Friday, March 25, 2016

Faculty hiring, 1950s-style

Yale in those days was an old boys' club into which I was pleased to see that I could fit. The very manner in which I was hired has always amused and gratified me. At the December 1956 Philadelphia meeting of the American Philological Association, Professor Dow had invited me to join his group for dinner at the famous, and expensive, Bookbinders Restaurant in the city, an event charged with hidden significance, since Dow was much too cheap to frequent such places ordinarily. In addition to three or four of his students, Dow had invited Frank Brown, who . . . was the chair of the Yale Classics Department. Fifty years ago when the old-boy network controlled the job process there was no neutral mechanism for those offering jobs and those seeking them. Opportunities were not posted on a public list; young people entering the field had no means for making themselves known other than what their mentors could do for them. Precious little, as you can imagine, for women or Jews or those from obscure institutions.
. . .

The following week I was surprised to receive a note from Brown inviting me to present myself as a candidate for the opening at Yale.
Charles Rowan Beye, My Husband and My Wives: A Gay Man's Odyssey (New York: Farrar, Straus and Giroux, 2012), p. 133

Monday, March 21, 2016

Why sinuses? Who knows?

It's not entirely clear why we have sinuses, aside from their role in providing a huge revenue stream for pharmaceutical companies and over-the-counter drug makers. Some scientists think sinuses evolved mainly to lessen the weight of the front of the skull; others, to protect the eyes and brain against physical blows or rapid temperature changes; still others, to humidify air as we breathe in. An even more out-of-the-box theory holds that their role is to give the human voice more resonance.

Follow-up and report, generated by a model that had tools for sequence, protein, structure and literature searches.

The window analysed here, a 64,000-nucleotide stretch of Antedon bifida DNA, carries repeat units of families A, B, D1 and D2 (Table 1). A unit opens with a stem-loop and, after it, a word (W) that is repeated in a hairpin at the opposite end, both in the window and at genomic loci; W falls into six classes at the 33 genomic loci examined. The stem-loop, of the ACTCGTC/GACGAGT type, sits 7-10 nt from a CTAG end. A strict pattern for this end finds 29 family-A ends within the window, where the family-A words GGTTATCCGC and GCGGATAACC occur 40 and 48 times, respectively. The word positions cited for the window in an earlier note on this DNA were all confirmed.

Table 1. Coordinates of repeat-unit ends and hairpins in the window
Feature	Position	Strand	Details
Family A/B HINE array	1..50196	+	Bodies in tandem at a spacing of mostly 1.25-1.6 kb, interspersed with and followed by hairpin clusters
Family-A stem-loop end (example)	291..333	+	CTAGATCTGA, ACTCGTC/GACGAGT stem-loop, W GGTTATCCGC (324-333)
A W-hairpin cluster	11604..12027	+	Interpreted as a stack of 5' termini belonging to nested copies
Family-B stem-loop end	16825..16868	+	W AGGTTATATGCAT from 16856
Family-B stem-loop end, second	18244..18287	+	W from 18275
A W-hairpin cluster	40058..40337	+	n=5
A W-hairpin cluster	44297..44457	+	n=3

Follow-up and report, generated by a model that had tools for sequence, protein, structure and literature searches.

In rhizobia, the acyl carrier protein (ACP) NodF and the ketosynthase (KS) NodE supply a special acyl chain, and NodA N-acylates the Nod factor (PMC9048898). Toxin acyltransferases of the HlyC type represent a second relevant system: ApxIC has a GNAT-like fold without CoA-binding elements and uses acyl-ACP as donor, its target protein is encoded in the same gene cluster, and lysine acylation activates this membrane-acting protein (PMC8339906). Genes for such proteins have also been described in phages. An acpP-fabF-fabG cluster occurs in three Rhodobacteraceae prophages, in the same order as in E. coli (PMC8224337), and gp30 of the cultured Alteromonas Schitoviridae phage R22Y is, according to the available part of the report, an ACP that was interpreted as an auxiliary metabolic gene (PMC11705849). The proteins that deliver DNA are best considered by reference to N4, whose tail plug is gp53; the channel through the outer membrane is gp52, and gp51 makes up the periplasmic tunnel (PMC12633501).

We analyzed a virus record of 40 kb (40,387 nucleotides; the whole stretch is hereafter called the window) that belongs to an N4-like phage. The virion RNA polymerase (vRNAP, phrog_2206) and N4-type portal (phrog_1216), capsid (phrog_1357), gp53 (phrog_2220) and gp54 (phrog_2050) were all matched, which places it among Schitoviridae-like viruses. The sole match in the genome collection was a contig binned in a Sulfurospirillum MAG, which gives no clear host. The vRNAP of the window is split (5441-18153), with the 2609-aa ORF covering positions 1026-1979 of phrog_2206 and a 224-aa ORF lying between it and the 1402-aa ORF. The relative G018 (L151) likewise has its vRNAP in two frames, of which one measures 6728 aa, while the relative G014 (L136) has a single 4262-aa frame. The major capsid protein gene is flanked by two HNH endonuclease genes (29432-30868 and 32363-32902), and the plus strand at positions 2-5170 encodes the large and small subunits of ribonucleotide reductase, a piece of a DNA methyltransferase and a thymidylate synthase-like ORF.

Dr. Bill Bass & Jon Jefferson, Beyond the Body Farm: A Legendary Bone Detective Explores Murders, Mysteries, and the Revolution in Forensic Science (New York: HarperCollins, 2007), p.91

Friday, March 18, 2016

Last benefits of Harvard education

I have nothing but grim memories of Harvard University and its Classics Department, but I owe the institution the incomparable glory and status that comes from brandishing a Harvard PhD on my curriculum vitae or in conversation, plus, during the thirty years I spent in Cambridge later on, the chance to swim in the superb Blodgett Pool at the reduced fee offered alumni, and then the crown jewel of my Harvard experience, a yearly pass to the Widener Library, the use of which through the years makes up for any indignity or other horror that I might have sustained.
Charles Rowan Beye, My Husband and My Wives: A Gay Man's Odyssey (New York: Farrar, Straus and Giroux, 2012), p. 112.

Thursday, March 17, 2016

Frank McCourt's Six-Word Memoir

Frank McCourt, in Rachel Fershleiser & Larry Smith eds., It All Changed in an Instant: More Six-Word Memoirs by Writers Famous & Obscure from SMITH Magazine (New York: Harper Collins, 2010), p. 44

Wednesday, March 16, 2016

Missing drugs

Most people think drugs just waste your time and screw up your life. They don't understand the happiness. They think you're off drugs a few months, a few years, you forget about them, put them behind you and good riddance, but this is not the way it goes. Drugs have mass  and  density. Thick and delicious, they fill every crevice inside you. They offer absolute comfort and well-being,  In reverse, their absence leaves you empty and arid. 
Sober, he had to keep busy and purposeful, always moving. If he stopped, he immediately heard the sandstorm inside himself, and it terrified him.
Carol Anshaw, Carry the One (New York: Simon & Schuster, 2012), p. 86